Alas, his relief was short-lived. Just prior to the pictureís release in Pune, an elderly gentleman made a complaint in writing to the Committee appointed by the Pune Municipal Corporation against the vulgar display of Kalpana Iyerís bare legs in the poster. "Although I have crossed the Biblical span of three score years and ten," he wrote, "I found myself getting excited by this naked display." Of course, being a gentleman he respected his age, and being a student of the Gita, he was able to surmount the temptation. But, he asked, what about the thousands of young men who were not as strong-willed? A poster like this would be an inducement to them to indulge in sexual orgies. The old gentleman suggested summoning Kalpana to Pune, on the charge of indecent exposure, quoting the precedent of how Padmini Kolhapure was summoned to Nagpur or somewhere for kissing Prince Charles. "What this poster has done," he concluded grandiloquently, "is to plant a sex bomb in our ancient city."
The wise men on the Committee of the Pune Municipal Corporation found that they didnít have the authority to summon Kalpana Iyer. But about the poster they didnít need to deliberate to agree. The poor producer was now in a quandary. Giving a lacy coverage to Parveenís bosom was one thing, but covering Kalpana Iyerís long, long legs was another thing altogether. But his quick-witted and resourceful artist told him not to despair. He had an idea. Pedal-pushers were the fashion, he would provide Kalpana with a pair of pedal-pushers.
"But pedal-pushers werenít even known at the time of my film," wailed the poor producer, while the artist went around the city with paint and brush providing pedal-pushers to a girl who, the citizenry felt, looked much better without them.
Troubles donít come singly. Different Committees appointed by the various Municipal Corporations found different things to object to in the poster. In Kolhapur and Sholapur, the Committees felt that the sight of popular stars like Shatrughan Sinha and Shakti Kapoor wielding revolvers and daggers would set a bad example to the local youth and incite them to mindless violence. The poor artist had his work cut out for him, disarming the stars by airbrushing away the revolver and the dagger, so that Shatrughan Sinha looked as if his hand were raised to swat a fly and Shakti Kapoor with his hand outstretched looked as if he were soliciting alms.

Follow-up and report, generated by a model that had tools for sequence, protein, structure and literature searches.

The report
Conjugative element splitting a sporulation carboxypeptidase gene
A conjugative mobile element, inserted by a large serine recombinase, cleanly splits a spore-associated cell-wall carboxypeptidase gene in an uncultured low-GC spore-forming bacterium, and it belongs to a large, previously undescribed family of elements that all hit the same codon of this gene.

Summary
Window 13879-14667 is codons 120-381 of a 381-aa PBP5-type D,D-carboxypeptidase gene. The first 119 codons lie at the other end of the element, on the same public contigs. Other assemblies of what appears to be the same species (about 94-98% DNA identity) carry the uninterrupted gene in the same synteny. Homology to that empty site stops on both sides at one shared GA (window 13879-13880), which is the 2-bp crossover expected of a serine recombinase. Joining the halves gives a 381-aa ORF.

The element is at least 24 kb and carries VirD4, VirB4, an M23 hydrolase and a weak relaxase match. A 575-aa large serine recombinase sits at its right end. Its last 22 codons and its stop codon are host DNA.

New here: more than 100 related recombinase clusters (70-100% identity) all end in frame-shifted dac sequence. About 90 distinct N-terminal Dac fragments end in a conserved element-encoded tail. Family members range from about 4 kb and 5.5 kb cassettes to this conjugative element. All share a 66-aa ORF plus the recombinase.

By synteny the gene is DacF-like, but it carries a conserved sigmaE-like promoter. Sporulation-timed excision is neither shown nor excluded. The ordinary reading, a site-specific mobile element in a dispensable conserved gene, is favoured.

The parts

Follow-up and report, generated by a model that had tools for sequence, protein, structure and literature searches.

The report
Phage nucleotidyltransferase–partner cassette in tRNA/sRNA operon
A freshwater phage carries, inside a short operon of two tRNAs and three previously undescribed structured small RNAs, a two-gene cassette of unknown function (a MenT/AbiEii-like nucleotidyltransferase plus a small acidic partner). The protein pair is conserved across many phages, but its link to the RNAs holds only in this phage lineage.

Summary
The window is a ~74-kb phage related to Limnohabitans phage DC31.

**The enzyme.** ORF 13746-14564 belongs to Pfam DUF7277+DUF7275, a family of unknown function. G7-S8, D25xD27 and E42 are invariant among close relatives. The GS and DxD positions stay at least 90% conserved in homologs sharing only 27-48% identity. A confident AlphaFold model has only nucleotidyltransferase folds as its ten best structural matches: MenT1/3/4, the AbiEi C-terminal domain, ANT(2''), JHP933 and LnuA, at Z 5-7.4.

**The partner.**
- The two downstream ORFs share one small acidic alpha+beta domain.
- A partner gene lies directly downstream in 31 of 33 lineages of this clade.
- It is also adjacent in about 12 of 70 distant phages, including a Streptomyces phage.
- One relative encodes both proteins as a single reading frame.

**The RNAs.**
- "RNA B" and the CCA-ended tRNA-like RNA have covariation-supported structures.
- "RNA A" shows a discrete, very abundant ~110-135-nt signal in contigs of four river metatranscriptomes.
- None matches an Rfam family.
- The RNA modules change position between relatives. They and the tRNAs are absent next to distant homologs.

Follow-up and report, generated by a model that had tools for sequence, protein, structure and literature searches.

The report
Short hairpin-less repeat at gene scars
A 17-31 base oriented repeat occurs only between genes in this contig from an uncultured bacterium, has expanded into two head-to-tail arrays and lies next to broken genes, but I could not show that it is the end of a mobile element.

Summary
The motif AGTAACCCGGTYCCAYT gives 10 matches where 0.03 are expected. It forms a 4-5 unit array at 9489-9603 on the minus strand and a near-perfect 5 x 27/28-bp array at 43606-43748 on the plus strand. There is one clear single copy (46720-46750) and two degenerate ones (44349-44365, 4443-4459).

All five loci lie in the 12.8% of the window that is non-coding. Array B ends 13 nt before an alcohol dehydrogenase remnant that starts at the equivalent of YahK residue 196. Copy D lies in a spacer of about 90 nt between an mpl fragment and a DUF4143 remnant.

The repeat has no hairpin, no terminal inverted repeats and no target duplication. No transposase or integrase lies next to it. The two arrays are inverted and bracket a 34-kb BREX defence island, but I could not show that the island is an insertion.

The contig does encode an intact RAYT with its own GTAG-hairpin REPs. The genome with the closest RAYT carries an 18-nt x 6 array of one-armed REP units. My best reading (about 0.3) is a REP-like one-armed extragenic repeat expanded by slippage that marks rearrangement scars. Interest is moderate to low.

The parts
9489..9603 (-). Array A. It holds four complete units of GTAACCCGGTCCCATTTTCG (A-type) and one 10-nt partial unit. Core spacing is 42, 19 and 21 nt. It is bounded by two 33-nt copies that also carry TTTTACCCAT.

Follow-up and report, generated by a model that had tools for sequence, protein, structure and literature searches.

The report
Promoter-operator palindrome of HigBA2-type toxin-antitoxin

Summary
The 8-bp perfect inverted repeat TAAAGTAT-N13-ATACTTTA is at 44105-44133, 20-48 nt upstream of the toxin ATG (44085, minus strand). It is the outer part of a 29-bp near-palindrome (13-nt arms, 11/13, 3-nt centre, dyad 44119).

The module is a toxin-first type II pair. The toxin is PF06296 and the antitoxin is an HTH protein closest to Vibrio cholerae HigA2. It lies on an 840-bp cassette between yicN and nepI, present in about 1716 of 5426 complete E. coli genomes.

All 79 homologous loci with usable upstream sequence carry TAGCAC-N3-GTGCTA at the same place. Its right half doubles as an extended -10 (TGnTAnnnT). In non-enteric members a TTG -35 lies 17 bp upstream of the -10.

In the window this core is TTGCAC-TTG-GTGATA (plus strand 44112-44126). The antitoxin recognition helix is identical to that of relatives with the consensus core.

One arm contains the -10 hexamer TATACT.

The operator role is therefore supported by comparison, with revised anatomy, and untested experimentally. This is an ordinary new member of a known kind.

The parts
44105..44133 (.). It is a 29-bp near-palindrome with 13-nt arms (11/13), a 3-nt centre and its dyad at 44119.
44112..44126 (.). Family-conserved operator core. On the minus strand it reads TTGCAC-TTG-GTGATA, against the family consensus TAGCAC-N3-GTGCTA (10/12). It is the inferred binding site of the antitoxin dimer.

Finally, there was the educated lady in Nagpur, a libber if ever there was one, who protested to her local Committee against showing Mehmood in a sari. "What if he is a comedian? This is male chauvinism in reverse!" she cried. The exhibitor in Nagpur had neither the time nor the means to get in touch with his distributor, so he released the film without displaying the poster, of which there wasnít much left, anyway.
How one wishes that this were the end of the biopsy. Unfortunately it isnít. The end, alas, is a freeze shot of the distributor presenting the bill for the frequent poster changes to the producer and the producer after a glance at the bill sitting back with a dazed, glazed expression on his face. Sad to tell, the shocked Shah Jehan had met his fourth and last D.
STOP PRESS: As we go to press we learn that the City Coroner has asked for an autopsy to determine the cause of Shah Jehanís sudden, unexpected, untimely and most inconvenient demise.
An essay from A Many Splendoured Cinema by B.K. Karanjia, published by New Thackerís Fine Art Press Pvt. Ltd.